A system of neutrino detectors immersed deeply in Antarctic ice is measuring a single number, namely the ratio of up-going and down-going neutrinos, which nevertheless imposes constraints on new physics because various processes - such as colissions of very high-energy (typical example: around 20,000 TeV) cosmic neutrinos with the atoms of the atmosphere that may create microscopic black holes - contribute to this ratio. The ratio is more interesting than the overall number: the overall number depends mostly on astrophysical phenomena while the ratio mostly depends on particle physics that occurs in the Earth or in its vicinity. A better experiment of this kind, IceCube, is under construction.

For a flavor of this kind of physics and constraints, see

and an article in the new issue of *Physical Review Letters*. The homepages of the projects are here:

A more general topic: David Gross who was described as a new skeptic and sourball by a misinformation and brainwashing blog called "Not Even Wrong" - a blog addressed to those who can't distinguish s*it from gold - has calculated, during his lecture in India, that physics will be even more exciting in the 21st century and the string theory revolution is yet to come:

Gross who claims that he has been waiting for his Nobel prize only since 1994 argues that the following revolution will be even more shocking than the previous two.

All theater fans should see the new Hamlet of the 21st century, namely

- Humble boy, a fat string theorist

I would like to remind the omnipresent intellectual trash that this article is about the neutrino detectors, new physics, the waves of physics discoveries, and a theater play from 2002. If you're unable to contribute anything about these topics, you are encouraged to submit your production to "Not Even Wrong" where the s*it will be undoubtedly rated as gold. On this blog, unfortunately for you, s*it is just s*it and we follow basic rules of hygiene.

Hi Lubos. Todays test question is: what is 2 times 280. Is it (a) 380 (b) something a bit bigger?

ReplyDeleteDear Belette,

ReplyDeleteI suppose that you think that your deep question is related to neutrino detectors.

Your humble correspondent is always ready to help the world's climate research, so without hesitation, I will answer that it is 560, and I hope that it will help you and your equally talented colleagues in your research tremendously.

Incidentally, if you were interested, the number that you're interested in has oscillated with 100,000-year-long quasiperiods between 180 and 280, and its current value is close to the double of the average and more than the double of the minimum.

Even if you did not care about the minima and only considered the natural maximum, almost 50% has been added to the natural value already. If you find it that important, you may increase the estimates by a factor of two, but at any rate, the qualitative conclusions will be unchanged.

What we've added is exactly equal to the difference between the natural maxima and minima.

Enjoy your milk, and greetings to your father.

Best

Lubos

Sounds an interesting experiment. But what does it has to do with string theory? You have not shown us you can predict exactly how many down-going or up-going high energy neutrinos you can expect to detect, based on string theory calculation. String theory can't say anything about interaction cross-sections or reaction rates so it's out of the equation.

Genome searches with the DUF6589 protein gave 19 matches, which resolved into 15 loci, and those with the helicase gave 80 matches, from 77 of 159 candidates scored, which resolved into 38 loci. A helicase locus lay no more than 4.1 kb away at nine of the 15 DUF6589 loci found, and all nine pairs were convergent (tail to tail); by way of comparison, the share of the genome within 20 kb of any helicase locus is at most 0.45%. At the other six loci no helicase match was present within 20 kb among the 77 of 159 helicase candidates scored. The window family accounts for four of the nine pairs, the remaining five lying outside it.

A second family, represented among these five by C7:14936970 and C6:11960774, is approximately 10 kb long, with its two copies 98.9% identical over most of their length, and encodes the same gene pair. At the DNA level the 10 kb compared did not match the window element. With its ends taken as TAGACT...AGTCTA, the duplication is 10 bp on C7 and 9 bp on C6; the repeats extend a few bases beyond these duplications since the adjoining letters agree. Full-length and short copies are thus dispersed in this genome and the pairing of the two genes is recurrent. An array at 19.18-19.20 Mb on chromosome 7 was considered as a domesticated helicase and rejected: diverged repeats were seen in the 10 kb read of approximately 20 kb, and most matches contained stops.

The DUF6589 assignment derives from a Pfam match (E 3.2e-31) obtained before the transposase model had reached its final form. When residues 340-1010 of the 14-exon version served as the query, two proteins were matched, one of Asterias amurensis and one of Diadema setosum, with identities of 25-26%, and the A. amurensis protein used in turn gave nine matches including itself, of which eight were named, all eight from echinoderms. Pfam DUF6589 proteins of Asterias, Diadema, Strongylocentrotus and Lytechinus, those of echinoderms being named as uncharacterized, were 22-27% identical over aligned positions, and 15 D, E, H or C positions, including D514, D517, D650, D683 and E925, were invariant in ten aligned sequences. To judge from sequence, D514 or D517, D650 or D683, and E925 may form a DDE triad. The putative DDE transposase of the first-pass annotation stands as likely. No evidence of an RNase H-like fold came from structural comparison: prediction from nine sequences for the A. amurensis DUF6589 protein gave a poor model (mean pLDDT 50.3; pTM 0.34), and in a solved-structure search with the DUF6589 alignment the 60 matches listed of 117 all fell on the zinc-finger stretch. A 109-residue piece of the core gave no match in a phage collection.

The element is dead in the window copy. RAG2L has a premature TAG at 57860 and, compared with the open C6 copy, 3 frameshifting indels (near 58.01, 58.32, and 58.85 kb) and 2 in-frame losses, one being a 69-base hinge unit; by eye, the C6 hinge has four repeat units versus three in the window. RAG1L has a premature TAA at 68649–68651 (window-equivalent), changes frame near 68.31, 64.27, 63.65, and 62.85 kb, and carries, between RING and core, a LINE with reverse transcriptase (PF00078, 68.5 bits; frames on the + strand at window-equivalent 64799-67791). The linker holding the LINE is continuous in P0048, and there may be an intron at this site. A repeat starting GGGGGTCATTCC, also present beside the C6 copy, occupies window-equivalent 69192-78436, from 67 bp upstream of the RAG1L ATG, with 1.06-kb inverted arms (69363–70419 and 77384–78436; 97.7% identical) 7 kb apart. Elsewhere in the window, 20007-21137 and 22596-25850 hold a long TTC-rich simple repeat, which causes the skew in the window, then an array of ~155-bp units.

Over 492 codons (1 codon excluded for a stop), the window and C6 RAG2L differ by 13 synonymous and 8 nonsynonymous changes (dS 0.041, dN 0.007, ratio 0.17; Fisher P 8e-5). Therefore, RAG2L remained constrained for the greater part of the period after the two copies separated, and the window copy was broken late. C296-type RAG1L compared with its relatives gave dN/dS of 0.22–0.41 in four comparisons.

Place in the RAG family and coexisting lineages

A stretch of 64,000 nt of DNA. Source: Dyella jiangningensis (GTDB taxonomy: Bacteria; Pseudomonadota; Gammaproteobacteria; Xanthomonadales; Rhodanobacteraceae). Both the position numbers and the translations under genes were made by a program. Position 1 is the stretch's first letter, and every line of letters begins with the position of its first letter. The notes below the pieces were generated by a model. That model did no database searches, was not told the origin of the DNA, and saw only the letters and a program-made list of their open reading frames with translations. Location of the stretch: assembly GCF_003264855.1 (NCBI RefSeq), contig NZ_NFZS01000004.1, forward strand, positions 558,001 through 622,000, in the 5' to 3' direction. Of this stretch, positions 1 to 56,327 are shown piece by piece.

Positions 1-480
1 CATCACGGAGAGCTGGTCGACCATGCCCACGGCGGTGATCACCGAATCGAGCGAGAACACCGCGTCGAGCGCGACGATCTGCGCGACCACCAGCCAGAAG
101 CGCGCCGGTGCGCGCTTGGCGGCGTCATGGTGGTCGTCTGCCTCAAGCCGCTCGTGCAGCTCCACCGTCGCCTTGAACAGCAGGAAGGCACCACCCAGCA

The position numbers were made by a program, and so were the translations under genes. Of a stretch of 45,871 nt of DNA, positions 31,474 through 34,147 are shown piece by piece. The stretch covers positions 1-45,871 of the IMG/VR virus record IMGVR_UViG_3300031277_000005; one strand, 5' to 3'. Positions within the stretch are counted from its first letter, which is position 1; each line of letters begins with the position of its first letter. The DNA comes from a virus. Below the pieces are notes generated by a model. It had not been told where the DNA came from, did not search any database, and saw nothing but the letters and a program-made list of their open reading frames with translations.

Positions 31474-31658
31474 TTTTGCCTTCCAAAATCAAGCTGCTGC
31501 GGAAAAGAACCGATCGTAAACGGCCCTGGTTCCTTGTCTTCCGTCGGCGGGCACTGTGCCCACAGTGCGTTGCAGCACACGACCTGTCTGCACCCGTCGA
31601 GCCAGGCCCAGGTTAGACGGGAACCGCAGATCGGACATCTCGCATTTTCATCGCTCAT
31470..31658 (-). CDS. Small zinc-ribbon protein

ReplyDeleteI am highly skeptical that they can obtain significant event counts to produce statistically meaningful result. If you read the 4 page paper carefully, you find that the author is trying desperately to

STRETCH THE NUMBERto un-reasonable limit, in order to produce a reasonably looking event count.According to the author, during a total of

15 yearsof experiment run (a very long time, isn't it?), he expects to detect mere4 down goingneutrino events and 20 up going events. Very small number and hardly enough to do any statistics, you would agree.But even that (4,20) event count estimate is way too much optimistic. If you carefully exam his calculation, you find he stretched the numbers too much. A more realistic estimate would give you an event count 100 times lower. Rendering the experiment meaningless since your expectation of event count is less than ONE.

First big mistake the author made, is he used the effective aperture of

individualdetectors times the length of detector strings to estimate the number of target nucleons, thus attrived at NT = 6x10^38. That estimate is wrong because there is redundancy between detectors.A more common sense estimate is actually calculate how many atoms are involves in the detection. This brochure says the total volume of ice in the IceCube is

ONE CUBIC KILOMETER. One should be able to calculate how many nucleons is contained in one cubic kilometer of ice.The density of ice is about 900 kilogram per cubic meter. So one cubic ice is 9x10^11 kilogram. The water molecule contains 3 nucleons, and has an atomic weight of 18. That means each 0.018 kilogram contains 3 times the Avogardro constant, 6x10^23 nucleons. Put those number together. The total number of target nucleons is 9x10^37.

The author used 6x10^38 nucleons, which is an over estimate of 7 times already.

The author also grossly over estimated the detection efficiency to be between 50% to 100%. No such efficiency exists. Think about it, one single muon is created a few hundred meters away, it does emit some number of photons, but for the photons to be almost 100% detectable by a detector a few hundred meters away, that is really a stretch. It takes many many many photos to trigger an event. During dark nights there are still billions of bilions of photons entering our eyes per second but we hardly see anything. I do not know how to calculate the quantum efficiency but it must be way below 100%.